Most of us understand intuitively that, to emerge as a leader, who you know matters as much or more than what you know. Nothing much is achieved as a lone soldier. Relationships are critical to our ability to accomplish our goals.
However, despite widespread agreement on the importance of networking for professional success, many people shy away from networking leaving a notable gap between the perceived value of networking and the quality of their networks. There are some common reasons why emerging leaders don’t apply enough effort to build effective networks:
Networking is perceived to be time consuming and exhausting. If busy managers don’t fully appreciate the value of networking, they may feel that the opportunity cost of spending time on relationships relative to operational demands is unjustified.
Studies show that networking makes people feel ‘dirty’. Networking, because it is ultimately undertaken to progress one’s career and professional success, may be perceived as sleazy and self-serving. This deters many aspiring leaders from actively building their networks.
Networking is typically perceived to be reserved for extroverts—outgoing individuals who are energised by social interactions. Introverts, who lose energy from being around people for long periods of time, may shy away from events with large crowds or strangers
Networking can be intimidating and awkward, particularly for people who are naturally shy or reserved. Connecting with strangers exposes you to the possibility of rejection. conflict or misunderstanding. Many emerging leaders shy away from networking so as to avoid the uncomfortable feelings that can occur when engaging with strangers
Compared with the formation of close personal friendships, networking may be perceived as shallow and inauthentic—forming relationships with people we otherwise probably wouldn’t connect with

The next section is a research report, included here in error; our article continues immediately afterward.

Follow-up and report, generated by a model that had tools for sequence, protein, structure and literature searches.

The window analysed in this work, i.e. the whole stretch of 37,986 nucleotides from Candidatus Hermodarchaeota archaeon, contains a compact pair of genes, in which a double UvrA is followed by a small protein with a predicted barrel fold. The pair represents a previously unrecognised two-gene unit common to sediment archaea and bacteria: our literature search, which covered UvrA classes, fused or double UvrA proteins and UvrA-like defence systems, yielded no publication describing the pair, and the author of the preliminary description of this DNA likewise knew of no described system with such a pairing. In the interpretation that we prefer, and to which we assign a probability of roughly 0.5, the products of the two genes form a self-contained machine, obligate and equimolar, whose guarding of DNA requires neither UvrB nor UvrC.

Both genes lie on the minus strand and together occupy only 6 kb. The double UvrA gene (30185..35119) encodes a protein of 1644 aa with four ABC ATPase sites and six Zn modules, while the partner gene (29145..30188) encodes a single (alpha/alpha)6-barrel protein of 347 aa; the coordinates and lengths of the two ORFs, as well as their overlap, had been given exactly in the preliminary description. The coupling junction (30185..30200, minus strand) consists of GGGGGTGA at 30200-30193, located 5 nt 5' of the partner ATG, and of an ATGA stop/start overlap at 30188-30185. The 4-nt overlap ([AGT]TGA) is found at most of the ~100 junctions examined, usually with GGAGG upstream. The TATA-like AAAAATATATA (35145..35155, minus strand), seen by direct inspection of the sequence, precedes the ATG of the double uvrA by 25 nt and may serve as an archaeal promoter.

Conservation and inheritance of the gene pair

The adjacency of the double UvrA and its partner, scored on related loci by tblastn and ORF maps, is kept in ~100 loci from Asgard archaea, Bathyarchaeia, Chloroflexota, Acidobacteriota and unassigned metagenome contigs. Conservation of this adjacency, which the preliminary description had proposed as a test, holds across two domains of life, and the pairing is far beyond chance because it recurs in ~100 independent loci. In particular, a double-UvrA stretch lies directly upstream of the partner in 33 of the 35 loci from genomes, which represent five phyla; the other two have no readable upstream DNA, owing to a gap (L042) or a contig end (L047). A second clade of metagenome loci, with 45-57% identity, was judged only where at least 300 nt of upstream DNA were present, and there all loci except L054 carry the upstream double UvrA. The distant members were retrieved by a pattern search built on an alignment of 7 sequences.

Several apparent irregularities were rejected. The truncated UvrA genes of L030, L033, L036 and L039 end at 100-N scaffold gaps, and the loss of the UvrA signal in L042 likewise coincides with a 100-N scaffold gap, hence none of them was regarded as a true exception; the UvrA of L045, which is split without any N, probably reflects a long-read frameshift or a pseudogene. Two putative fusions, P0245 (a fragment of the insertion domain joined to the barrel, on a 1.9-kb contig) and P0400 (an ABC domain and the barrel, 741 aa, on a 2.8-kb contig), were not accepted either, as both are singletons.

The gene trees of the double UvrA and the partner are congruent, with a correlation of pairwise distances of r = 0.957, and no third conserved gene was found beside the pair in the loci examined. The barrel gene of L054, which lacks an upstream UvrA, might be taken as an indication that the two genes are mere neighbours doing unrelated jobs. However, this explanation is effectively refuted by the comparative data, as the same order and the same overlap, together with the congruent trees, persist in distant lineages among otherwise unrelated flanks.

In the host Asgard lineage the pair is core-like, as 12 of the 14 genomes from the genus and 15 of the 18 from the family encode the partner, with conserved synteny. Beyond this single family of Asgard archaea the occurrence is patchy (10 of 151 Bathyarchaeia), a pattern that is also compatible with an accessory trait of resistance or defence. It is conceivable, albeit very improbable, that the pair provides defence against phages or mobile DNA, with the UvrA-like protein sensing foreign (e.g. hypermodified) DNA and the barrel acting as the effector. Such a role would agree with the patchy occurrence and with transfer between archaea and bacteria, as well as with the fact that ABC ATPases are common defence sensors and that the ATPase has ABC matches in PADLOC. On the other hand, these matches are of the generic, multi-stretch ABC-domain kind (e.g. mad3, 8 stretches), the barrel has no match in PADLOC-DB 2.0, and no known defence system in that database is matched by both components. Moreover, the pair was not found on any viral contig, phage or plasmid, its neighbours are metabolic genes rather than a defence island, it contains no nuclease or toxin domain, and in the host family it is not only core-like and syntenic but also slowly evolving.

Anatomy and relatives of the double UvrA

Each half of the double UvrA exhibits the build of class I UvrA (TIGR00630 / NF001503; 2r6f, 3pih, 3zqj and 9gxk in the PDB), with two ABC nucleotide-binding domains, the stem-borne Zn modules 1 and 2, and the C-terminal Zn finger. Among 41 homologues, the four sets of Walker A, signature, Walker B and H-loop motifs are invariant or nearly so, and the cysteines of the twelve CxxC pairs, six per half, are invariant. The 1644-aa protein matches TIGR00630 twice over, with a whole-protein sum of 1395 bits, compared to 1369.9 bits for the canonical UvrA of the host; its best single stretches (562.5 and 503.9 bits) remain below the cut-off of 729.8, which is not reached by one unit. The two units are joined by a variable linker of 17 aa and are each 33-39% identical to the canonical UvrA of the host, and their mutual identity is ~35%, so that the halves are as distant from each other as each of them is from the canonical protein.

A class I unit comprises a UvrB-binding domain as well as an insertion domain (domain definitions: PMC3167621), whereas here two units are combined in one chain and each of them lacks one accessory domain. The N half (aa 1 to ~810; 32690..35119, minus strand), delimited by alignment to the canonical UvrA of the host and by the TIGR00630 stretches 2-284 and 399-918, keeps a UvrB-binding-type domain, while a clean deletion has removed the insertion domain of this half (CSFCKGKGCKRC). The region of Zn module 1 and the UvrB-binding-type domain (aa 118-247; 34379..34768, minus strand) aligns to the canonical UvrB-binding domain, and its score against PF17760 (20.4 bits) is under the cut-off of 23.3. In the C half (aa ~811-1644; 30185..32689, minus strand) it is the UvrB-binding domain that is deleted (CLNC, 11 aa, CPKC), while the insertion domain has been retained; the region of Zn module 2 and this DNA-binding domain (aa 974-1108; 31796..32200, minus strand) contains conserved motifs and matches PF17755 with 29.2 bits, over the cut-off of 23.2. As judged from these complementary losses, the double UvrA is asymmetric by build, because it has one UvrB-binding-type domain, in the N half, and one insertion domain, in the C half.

These negative perceptions of networking, however, reflect a lack of appreciation of the purpose of networking and how it is carried out. Networking is not about attending group networking events en masse, working a room full of strangers, and making numerous superficial connections with people who can boost your career success. Rather, networking involves the deliberate creation of a web of mutually beneficial personal relationships. A network is a collection of close, enduring relationships with individuals whom you depend on and who depend on you for job performance and career progression.
First, networks provide valuable information not widely known, giving you a competitive edge by helping you to make better-informed decisions or plans.
Second, networks connect you to others. Two (or more) heads are better than one for problem-solving because different people bring different ideas to a problem formed from their unique knowledge and experience. Thus, a group offers a larger pool of possible solutions from which to draw from when problem-solving compared with individuals. Connections with others can also support your success by linking you to people who have resources or influence that you need to accomplish your goals.
Third, networks can amplify your influence by connecting you to individuals whose interests align with your own. As we’ve witnessed with #MeToo, the power of a coalition is greater than the sum of its parts.
Through these functions, networks can support current job performance, help you to foresee and manage market and industry changes, and can help you to transition and succeed in a leadership role by helping you to identify business opportunities and to attain the resources and political firepower needed to capitalise on them.